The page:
As a security deal between the U.S. and Afghanistan stalls, this is what the future looks like.
As the Philippines struggle to recover from Typhoon Haiyan—which killed thousands of people and is one of the most intense tropical cyclones on record—a new UN report suggests the South Pacific should prepare for more catastrophes. 2013 is set to be among the ten warmest years since modern records began in 1850, and sea levels are at their highest point ever, making low-lying coastal regions more vulnerable to super storms like Haiyan, the World Meteorological Organization said Wednesday.
For the first time in nearly 40 years, New York City will be home to the country's tallest building. At a symbolic 1,776 feet, One World Trade Center will surpass Chicago's Willis Tower (formerly Sears Tower) as America's tallest building when it's completed next year.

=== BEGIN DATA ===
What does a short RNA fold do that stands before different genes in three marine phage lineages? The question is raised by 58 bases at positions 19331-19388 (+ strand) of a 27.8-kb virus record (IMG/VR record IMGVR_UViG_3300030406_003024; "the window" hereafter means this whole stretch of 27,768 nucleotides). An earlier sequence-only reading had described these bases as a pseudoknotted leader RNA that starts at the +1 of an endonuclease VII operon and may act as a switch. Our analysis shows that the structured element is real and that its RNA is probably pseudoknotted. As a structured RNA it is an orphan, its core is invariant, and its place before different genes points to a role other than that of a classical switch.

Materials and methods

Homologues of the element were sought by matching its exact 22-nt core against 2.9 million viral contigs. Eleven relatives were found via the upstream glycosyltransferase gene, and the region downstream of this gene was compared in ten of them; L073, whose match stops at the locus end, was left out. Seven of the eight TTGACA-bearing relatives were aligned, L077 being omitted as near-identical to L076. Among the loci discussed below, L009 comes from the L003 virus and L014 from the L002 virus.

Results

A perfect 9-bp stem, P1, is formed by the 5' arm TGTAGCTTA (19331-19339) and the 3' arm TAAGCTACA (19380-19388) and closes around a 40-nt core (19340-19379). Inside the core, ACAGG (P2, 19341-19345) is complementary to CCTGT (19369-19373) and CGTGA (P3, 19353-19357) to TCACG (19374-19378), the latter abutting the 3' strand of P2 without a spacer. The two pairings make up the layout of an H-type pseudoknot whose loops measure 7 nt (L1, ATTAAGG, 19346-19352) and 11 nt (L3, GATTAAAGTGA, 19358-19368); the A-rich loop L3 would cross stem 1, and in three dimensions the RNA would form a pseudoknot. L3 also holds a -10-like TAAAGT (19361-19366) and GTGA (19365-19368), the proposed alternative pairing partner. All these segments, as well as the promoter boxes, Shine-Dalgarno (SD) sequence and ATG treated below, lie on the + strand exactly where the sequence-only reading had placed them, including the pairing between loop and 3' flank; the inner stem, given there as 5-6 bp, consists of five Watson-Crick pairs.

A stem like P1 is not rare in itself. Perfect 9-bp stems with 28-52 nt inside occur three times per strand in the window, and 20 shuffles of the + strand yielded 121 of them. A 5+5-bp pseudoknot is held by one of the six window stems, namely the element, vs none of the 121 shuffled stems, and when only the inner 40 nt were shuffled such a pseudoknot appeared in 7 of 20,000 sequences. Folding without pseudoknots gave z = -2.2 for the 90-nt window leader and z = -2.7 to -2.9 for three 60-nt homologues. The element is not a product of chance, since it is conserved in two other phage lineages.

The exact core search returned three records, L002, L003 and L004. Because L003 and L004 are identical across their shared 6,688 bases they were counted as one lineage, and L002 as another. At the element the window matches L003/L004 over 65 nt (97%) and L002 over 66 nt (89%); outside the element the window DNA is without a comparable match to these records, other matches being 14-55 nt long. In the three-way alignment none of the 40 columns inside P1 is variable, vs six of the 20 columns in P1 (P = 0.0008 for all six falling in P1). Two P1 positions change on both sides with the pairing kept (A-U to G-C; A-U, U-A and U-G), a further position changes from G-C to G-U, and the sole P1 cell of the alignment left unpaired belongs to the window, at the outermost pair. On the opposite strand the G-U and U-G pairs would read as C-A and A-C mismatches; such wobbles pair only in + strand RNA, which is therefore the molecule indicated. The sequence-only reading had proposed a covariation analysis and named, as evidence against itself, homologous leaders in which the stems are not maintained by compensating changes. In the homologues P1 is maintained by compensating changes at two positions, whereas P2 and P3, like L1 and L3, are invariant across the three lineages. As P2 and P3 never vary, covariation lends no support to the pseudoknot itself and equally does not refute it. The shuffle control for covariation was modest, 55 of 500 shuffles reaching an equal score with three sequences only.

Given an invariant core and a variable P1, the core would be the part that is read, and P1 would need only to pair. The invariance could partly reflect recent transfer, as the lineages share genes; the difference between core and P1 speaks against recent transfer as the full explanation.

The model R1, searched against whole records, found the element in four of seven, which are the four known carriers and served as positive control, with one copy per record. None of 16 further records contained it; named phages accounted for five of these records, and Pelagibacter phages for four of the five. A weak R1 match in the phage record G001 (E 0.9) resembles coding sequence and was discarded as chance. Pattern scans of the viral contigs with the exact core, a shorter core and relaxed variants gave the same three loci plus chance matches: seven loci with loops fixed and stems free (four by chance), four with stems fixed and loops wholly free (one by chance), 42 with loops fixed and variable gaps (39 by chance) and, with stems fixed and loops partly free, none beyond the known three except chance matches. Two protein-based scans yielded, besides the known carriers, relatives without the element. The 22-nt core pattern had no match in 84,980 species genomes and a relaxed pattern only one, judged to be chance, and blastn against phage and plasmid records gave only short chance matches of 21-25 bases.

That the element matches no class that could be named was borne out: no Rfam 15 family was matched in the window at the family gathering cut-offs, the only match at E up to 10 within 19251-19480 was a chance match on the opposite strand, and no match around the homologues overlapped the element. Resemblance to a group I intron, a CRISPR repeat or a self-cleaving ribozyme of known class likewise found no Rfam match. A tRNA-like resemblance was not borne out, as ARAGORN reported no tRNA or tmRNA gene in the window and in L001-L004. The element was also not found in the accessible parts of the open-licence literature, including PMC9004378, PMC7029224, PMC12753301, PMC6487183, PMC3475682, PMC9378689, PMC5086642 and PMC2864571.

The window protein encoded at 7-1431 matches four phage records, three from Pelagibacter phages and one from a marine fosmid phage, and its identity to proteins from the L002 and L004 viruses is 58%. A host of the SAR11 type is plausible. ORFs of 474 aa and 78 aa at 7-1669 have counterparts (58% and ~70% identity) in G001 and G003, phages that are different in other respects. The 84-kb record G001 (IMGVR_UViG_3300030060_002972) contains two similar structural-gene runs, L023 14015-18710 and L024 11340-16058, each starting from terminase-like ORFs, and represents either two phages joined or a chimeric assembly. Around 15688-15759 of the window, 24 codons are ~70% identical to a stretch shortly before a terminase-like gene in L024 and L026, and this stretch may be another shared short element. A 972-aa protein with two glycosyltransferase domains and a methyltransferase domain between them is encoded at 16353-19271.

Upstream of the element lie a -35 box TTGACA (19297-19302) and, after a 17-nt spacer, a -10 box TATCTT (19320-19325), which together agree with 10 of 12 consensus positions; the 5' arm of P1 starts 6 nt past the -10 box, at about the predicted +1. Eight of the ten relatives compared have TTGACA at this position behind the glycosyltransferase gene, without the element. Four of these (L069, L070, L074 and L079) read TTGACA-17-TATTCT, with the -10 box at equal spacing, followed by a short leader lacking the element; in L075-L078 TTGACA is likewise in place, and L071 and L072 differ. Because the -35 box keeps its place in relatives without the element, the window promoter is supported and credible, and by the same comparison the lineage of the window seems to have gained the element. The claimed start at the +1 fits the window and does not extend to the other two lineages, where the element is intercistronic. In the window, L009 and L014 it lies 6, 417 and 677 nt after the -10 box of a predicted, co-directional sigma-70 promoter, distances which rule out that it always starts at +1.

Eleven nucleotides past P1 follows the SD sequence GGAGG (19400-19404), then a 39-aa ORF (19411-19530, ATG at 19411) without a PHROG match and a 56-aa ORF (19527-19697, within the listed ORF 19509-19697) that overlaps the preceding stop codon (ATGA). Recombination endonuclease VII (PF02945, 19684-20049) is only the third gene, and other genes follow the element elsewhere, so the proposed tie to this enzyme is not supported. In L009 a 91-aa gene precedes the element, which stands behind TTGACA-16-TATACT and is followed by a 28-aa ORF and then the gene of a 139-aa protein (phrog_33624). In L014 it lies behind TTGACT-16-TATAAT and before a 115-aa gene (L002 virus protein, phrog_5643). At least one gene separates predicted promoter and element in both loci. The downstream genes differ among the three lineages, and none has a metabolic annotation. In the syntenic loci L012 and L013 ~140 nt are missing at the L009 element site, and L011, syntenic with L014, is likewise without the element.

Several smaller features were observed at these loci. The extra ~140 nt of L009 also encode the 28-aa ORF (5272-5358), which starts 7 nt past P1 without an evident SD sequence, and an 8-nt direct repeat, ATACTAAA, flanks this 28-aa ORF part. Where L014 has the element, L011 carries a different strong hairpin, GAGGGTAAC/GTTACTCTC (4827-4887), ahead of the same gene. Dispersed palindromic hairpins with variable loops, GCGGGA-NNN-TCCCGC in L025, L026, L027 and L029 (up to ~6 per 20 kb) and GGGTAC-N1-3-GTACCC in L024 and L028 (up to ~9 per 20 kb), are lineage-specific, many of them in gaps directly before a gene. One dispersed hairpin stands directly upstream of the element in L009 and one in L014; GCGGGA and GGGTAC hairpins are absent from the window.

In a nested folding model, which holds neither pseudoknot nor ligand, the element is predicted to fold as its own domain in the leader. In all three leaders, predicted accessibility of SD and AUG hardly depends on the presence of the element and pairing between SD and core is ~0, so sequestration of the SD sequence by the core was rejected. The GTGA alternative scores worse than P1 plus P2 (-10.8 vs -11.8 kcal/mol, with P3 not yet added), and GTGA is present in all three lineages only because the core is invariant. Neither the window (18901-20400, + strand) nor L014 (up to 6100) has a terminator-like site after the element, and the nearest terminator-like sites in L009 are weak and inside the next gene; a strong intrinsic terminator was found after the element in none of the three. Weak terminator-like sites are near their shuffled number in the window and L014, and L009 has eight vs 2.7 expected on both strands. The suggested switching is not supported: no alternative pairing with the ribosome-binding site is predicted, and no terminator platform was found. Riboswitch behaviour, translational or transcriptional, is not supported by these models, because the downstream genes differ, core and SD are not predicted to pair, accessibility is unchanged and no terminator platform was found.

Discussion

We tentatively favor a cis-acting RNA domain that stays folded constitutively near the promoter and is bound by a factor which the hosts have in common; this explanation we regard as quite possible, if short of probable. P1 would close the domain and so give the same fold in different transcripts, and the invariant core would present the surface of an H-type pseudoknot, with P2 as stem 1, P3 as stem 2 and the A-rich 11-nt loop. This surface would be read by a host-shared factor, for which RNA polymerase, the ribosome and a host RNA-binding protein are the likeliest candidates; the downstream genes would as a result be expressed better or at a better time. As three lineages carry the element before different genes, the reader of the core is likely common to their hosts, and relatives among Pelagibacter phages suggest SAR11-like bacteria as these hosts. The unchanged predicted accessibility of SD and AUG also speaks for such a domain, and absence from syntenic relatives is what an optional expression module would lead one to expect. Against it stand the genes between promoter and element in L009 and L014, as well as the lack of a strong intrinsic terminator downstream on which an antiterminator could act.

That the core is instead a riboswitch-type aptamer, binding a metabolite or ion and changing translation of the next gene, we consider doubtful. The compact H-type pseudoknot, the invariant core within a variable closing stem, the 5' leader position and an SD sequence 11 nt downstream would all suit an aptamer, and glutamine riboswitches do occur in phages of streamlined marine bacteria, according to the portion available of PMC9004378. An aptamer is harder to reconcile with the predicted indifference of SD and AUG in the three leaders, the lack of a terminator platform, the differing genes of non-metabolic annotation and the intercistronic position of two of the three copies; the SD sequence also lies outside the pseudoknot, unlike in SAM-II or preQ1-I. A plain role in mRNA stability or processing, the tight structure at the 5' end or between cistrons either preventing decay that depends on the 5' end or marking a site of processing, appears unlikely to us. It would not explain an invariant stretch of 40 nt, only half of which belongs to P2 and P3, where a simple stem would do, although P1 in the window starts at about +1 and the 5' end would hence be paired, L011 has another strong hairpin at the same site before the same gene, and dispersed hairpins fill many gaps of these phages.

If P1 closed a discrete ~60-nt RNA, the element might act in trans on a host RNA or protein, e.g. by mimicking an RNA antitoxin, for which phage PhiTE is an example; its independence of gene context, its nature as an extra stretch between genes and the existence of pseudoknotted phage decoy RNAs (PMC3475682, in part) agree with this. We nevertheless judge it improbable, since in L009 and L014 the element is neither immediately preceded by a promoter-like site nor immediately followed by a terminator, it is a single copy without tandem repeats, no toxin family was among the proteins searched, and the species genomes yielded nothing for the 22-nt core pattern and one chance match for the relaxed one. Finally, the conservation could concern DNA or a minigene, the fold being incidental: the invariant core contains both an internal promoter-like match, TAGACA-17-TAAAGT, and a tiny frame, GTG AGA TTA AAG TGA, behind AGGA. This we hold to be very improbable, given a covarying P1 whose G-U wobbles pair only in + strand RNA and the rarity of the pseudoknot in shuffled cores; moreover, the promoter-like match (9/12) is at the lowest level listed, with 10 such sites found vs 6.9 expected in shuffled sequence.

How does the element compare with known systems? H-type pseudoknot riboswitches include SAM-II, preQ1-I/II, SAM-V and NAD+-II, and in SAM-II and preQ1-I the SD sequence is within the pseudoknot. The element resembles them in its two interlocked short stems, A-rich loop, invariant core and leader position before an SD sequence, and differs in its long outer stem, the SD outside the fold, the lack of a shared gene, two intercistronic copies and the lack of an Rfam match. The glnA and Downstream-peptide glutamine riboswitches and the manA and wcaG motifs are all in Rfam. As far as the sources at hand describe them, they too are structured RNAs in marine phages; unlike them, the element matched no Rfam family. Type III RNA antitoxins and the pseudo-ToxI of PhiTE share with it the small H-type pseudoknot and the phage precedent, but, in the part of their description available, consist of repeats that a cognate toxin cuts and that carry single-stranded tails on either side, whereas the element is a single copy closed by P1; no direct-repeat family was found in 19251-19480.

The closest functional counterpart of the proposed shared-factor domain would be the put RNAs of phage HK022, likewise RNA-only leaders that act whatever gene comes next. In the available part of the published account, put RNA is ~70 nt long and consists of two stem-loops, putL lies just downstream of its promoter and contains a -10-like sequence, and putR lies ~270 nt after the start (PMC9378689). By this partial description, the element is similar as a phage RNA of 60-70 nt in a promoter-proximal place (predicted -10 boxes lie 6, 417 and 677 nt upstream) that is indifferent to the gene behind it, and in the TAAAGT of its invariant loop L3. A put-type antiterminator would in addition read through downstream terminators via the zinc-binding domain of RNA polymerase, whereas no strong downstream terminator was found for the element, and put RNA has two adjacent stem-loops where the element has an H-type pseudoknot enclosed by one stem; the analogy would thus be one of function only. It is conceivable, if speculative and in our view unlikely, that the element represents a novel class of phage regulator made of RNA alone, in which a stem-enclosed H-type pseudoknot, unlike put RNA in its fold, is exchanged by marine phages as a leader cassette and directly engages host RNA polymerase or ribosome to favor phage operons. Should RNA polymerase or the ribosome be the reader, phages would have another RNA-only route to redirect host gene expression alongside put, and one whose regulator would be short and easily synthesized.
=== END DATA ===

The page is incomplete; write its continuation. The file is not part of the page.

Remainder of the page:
Blockbuster LLC, the once-ubiquitous video rental chain, will close its remaining 300 stores in the United States and end its mail DVD rental service by January 2014, parent company Dish Network Corporation said Wednesday in a press release.
As Al Qaeda suspect Abu Anas Al-Libi, who was captured recently in Libya, awaits trial before a New York federal court, military commissions for five of the U.S. military’s most high-value detainees drag on at the U.S.
Is It Curtains for Street Art Attacking the Great Satan?
Since 1979, anti-US art has been a staple of Iran's streetscape. But is this era of propaganda coming to an end?
We’re in Week Three of the government shutdown, speeding toward the October 17 debt ceiling deadline. The stalemate continues, and the Smithsonian's still closed. We know the two parties are talking, but what are they actually saying? We're not talking tea leaves here; rather, definitions. Here's a handy glossary for the procedural and partisan parlance of the "shutdown showdown" and "debt-ceiling debacle."